Clinchfield Railroad

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Clinchfield Railroad
Overview
HeadquartersErwin, Tennessee
Reporting markCCO; CRR
LocaleSpartanburg, South Carolina to Elkhorn City, Kentucky
Dates of operation1902–1983
SuccessorSeaboard System (later CSX)
Technical
Track gauge4 ft 8 12 in (1,435 mm) standard gauge

The Clinchfield Railroad (reporting mark CRR) was an operating and holding company for the Carolina, Clinchfield and Ohio Railway (reporting mark CCO). The line ran from the coalfields of Virginia and Elkhorn City, Kentucky, to the textile mills of South Carolina. The 35-mile segment from Dante, Virginia, to Elkhorn City, opening up the coal lands north of Sandy Ridge Mountains and forming a connection with the Chesapeake and Ohio Railway at Elkhorn City, was completed in 1915.

The Clinchfield was the last Class I railroad built in the U.S. east of the Rocky Mountains. The 266-mile railroad provided access to numerous scenic wonders of the Appalachian region and is probably best known for the state-of-the-art railroad engineering techniques applied in its construction, as exemplified by the Clinchfield Loops climbing the Blue Ridge Mountains north of Marion, North Carolina.

The Clinchfield Railroad began operating the line December 1, 1924, and for many years it was leased jointly by the Atlantic Coast Line Railroad and Louisville and Nashville Railroad. When the L&N merged with the ACL's successor, the Seaboard Coast Line Railroad, effective January 1, 1983, forming the Seaboard System Railroad, the separate operating company was unnecessary and was merged into the Seaboard. The line is now owned and operated by CSX Transportation as their Blue Ridge Subdivision (Spartanburg to Erwin, Tennessee) and Kingsport Subdivision (Erwin to Elkhorn City).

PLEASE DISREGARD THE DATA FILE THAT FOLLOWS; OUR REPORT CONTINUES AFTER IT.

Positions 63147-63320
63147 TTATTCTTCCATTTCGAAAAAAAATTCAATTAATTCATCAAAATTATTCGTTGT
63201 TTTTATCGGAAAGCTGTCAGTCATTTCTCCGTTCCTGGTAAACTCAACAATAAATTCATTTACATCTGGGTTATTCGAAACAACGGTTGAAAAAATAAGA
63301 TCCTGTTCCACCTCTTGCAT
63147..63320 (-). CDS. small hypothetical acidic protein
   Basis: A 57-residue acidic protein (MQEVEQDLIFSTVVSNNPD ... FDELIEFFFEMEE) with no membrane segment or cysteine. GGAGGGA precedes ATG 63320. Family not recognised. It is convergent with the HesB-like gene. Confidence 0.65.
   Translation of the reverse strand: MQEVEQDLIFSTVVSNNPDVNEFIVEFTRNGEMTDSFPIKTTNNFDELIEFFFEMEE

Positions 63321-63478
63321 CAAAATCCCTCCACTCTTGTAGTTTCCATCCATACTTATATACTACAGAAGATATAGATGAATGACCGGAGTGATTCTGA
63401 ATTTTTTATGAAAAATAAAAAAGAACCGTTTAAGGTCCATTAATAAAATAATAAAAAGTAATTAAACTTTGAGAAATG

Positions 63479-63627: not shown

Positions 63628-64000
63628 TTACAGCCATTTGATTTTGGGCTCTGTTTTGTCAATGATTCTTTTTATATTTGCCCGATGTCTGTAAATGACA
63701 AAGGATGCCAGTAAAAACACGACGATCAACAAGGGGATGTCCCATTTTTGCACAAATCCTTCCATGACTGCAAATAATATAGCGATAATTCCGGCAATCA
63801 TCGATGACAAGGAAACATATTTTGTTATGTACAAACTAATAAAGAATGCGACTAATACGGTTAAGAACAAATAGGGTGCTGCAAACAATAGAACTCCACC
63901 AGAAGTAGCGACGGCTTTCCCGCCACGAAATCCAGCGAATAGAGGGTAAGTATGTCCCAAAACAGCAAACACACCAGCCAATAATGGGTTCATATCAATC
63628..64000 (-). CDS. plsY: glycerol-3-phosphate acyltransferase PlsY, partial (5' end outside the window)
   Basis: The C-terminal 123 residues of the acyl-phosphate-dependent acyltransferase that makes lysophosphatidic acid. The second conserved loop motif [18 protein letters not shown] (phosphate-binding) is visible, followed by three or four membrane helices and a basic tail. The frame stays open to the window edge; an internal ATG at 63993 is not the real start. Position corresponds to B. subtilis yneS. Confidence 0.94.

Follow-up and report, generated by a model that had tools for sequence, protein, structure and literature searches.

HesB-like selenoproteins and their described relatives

At the end of 1925 the railroad operated 309 miles of road and 467 miles of track; mileages in 1970 were 312 and 501.

History[edit]

Revenue freight traffic, in millions of net ton-miles
Year Traffic
1925 1044
1933 640
1944 1740
1960 1904
1970 4102
Source: ICC annual reports

The conceptual beginnings of the Clinchfield Railroad predates the railroad era, leading back to the period of westward movement after the Revolutionary War where turnpikes and other ground transportation routes were considered. Discussions related to a transportation route from the Ohio river to the South Atlantic was during a convention held at Estillville, Virginia in 1831. The Estill plan closely resembles the route followed by much of the Clinchfield construction.[1]

Revenue passenger traffic, in millions of passenger-miles
Year Traffic
1925 10
1933 1
1944 7
1960 0.05
1970 1
Source: ICC annual reports

The Charleston, Cincinnati and Chicago Railroad (1886-1893)[edit]

In 1886 ex-Union Gen. John T. Wilder received a charter for the Charleston, Cincinnati and Chicago Railroad, commonly referred to as the "Triple C" Railroad. This was the beginning of the modern Clinchfield. The promoters proposed a 625-mile line from Ironton, Ohio, to Charleston, South Carolina, with an extension down the Ohio River to Cincinnati. It would serve the rich agricultural lands of the Piedmont, the summer resorts of the North Carolina mountains, the rich timber and mineral deposits and coal fields of Virginia and Kentucky, with terminals on both the Ohio River and the Atlantic seacoast at an estimated cost of $21 million. Johnson City, Tennessee, was to be established as the headquarters for the Triple C Railroad and a division point.[2]